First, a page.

Women who have undergone certain surgical procedures involving the placement of surgical mesh are being warned by the Food and Drug Administration that the added risk associated with the surgical mesh may outweigh the intended benefit. Earlier this month, the FDA released an updated safety bulletin warning health care providers and patients that this product (commonly used in surgery to treat pelvic prolapse) may increase the risk of pain, bleeding and infection in women – as compared to women who have traditional surgery with stitches.
It is estimated that more than 500,000 women undergo surgery for pelvic prolapse and incontinence annually, and many of these involve this type of mesh. The surgery can be performed through the abdomen or transvaginally, using this surgical mesh to reinforce the intended surgical repair and correction of the anatomy. The FDA received more than 1,500 reports of complications between 2008 and 2010, which represented a 500 percent increase over the previous three years. This warning is intended for patients who have the mesh inserted for prolapse only. The FDA thinks as many as ten percent of women who have had the mesh inserted suffer complications within the first year of surgery. The preferred method of treatment involves the removal of the mesh through additional surgical procedures.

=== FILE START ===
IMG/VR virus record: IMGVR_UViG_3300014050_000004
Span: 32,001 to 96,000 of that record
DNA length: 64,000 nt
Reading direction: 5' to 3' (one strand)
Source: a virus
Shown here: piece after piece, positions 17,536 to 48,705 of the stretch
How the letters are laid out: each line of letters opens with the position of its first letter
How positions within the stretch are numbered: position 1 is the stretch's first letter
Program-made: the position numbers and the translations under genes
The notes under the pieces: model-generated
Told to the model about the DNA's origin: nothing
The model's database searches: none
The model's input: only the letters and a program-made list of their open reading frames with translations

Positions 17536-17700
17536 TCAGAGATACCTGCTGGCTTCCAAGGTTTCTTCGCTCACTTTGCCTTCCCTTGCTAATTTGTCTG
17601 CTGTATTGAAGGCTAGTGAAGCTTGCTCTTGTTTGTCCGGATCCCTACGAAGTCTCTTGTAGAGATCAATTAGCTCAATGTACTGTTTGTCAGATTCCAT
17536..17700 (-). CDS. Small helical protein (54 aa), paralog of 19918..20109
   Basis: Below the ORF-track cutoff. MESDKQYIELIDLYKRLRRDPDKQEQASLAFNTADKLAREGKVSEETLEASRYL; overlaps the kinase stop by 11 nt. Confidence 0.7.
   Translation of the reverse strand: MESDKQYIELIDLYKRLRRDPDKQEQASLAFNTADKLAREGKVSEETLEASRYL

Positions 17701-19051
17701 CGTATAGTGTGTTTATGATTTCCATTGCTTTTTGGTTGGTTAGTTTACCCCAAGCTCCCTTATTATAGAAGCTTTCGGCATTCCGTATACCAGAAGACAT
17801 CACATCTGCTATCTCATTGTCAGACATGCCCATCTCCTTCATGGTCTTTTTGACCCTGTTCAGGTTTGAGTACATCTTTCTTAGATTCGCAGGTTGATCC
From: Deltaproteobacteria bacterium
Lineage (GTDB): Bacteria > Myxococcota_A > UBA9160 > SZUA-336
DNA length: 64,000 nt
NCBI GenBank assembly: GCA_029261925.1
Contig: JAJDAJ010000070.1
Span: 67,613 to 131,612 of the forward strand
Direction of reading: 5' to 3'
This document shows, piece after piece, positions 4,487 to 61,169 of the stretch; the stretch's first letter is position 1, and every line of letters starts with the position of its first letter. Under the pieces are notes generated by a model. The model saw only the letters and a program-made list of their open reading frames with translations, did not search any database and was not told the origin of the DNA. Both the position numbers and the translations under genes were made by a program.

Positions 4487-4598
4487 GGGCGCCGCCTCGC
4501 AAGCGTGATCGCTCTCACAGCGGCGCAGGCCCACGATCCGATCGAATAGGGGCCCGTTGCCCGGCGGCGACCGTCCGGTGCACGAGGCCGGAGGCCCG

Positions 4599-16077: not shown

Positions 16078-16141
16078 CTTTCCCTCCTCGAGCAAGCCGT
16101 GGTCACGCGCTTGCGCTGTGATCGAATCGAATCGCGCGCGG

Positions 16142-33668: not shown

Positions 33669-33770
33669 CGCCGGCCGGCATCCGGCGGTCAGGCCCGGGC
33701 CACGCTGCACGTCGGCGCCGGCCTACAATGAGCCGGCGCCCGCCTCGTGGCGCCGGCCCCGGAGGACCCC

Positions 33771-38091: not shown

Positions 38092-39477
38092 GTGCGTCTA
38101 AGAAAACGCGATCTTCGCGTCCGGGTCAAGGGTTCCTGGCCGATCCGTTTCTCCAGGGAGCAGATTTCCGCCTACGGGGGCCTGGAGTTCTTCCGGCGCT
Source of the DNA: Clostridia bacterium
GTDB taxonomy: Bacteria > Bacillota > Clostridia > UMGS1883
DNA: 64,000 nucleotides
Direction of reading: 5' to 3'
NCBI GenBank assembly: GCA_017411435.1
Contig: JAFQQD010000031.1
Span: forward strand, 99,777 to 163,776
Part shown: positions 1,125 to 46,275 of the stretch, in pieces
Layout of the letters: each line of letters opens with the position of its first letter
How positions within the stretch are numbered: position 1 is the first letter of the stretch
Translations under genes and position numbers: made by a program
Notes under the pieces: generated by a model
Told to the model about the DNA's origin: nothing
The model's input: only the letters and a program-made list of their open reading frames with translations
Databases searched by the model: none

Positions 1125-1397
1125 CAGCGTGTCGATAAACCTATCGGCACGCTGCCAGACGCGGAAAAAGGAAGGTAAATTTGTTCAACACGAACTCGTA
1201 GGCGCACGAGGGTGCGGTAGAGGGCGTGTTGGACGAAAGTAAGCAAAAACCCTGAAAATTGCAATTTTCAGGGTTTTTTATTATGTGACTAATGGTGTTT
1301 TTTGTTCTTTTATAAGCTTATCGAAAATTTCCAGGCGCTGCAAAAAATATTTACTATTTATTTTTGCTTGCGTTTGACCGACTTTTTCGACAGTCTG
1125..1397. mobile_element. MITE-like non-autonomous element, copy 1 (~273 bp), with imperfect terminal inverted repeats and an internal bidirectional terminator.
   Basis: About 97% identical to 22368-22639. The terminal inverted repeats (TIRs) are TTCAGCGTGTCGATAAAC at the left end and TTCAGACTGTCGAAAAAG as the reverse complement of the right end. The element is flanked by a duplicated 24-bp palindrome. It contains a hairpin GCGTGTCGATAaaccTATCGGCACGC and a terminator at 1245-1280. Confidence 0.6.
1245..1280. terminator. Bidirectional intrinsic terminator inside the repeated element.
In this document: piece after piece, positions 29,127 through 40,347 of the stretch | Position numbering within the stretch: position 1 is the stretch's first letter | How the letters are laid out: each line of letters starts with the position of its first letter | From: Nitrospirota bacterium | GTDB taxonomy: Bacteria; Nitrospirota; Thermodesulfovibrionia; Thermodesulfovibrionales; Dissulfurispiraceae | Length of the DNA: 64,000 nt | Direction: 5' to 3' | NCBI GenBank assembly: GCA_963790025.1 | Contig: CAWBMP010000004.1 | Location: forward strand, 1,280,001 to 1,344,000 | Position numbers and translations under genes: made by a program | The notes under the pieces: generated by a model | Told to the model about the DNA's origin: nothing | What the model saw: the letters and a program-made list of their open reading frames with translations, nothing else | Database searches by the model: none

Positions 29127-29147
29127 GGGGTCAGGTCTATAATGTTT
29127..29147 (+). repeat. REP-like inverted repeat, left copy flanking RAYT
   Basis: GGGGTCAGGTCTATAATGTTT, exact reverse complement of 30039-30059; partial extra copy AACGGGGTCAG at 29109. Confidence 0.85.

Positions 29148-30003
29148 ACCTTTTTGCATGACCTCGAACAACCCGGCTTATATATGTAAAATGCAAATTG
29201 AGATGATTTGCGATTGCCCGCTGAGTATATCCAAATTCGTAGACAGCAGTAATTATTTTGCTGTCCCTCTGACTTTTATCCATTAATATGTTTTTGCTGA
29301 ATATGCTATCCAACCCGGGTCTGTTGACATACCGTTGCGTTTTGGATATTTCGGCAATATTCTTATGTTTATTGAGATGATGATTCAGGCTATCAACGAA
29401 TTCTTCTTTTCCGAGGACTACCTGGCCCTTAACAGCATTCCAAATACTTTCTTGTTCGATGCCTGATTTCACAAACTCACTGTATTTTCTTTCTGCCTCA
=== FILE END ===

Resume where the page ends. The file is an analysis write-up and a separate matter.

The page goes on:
It is recommended that the patient become aware of the additional risks associated with the use of this mesh and ask the surgeon about the different options, including those that do not involve mesh. If you have suffered from an injury involving this mesh, consider contacting a lawyer to more fully understand if you have any legal remedies available to you.